On August 8, 2013, the Fifth District Court of Appeals denied a petition from the California Air Resources Board (CARB) for a rehearing of the case in which the court found on July 15, 2013, that CARB had improperly approved California's Low Carbon Fuel Standard (LCFS) in violation of administrative procedures (more information is available online). The July 15 decision stands and while CARB may continue to implement the LCFS, it must hold a new 45-day public comment period to receive input on the LCFS regulations, including CARB's calculation of indirect land use from the increased use of biofuels.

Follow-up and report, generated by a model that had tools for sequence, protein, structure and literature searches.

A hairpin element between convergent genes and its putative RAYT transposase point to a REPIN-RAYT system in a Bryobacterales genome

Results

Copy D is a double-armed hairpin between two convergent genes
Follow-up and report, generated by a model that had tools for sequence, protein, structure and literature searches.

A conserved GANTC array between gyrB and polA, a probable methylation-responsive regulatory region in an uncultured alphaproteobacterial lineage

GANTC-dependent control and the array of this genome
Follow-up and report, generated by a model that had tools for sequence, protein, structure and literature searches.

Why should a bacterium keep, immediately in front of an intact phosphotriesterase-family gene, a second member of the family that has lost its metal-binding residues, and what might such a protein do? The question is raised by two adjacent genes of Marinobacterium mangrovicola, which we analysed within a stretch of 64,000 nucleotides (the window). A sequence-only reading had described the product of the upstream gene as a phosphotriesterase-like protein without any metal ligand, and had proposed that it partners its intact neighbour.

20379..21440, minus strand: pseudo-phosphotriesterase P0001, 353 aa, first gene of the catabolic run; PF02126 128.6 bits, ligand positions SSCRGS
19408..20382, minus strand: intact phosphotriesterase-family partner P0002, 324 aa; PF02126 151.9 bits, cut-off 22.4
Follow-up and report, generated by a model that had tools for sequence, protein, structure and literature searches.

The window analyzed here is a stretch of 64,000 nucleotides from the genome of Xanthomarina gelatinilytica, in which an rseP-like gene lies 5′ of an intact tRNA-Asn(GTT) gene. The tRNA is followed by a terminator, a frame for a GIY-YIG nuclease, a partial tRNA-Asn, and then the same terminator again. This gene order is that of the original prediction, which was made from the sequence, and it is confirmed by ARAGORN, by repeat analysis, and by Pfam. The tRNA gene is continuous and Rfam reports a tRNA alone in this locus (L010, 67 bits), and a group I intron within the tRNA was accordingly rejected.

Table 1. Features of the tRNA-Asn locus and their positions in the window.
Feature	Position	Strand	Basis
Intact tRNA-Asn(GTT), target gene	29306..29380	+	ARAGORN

On July 18, 2013, the Senate voted 59-40 to approve the nomination of Gina McCarthy to lead the U.S. Environmental Protection Agency (EPA). Six Republicans voted for the nomination, including Senators Lamar Alexander (R-TN); Kelly Ayotte (R-NH); Susan Collins (R-ME); Bob Corker (R-TN); and Jeff Flake (R-AZ). McCarthy was sworn in to her new position as EPA Administrator on July 19, 2013.
McCarthy's confirmation came after four months of debate, with several Republicans, including members of the Senate Committee on Environment and Public Works (EPW), opposing her nomination out of protest for the perceived lack of transparency at EPA as the Agency works to issue rules to promote alternative forms of energy and combat climate change. McCarthy's nomination moved forward after one of the key opponents, Senator David Vitter (R-LA), announced his satisfaction that EPA was making progress on this transparency issue.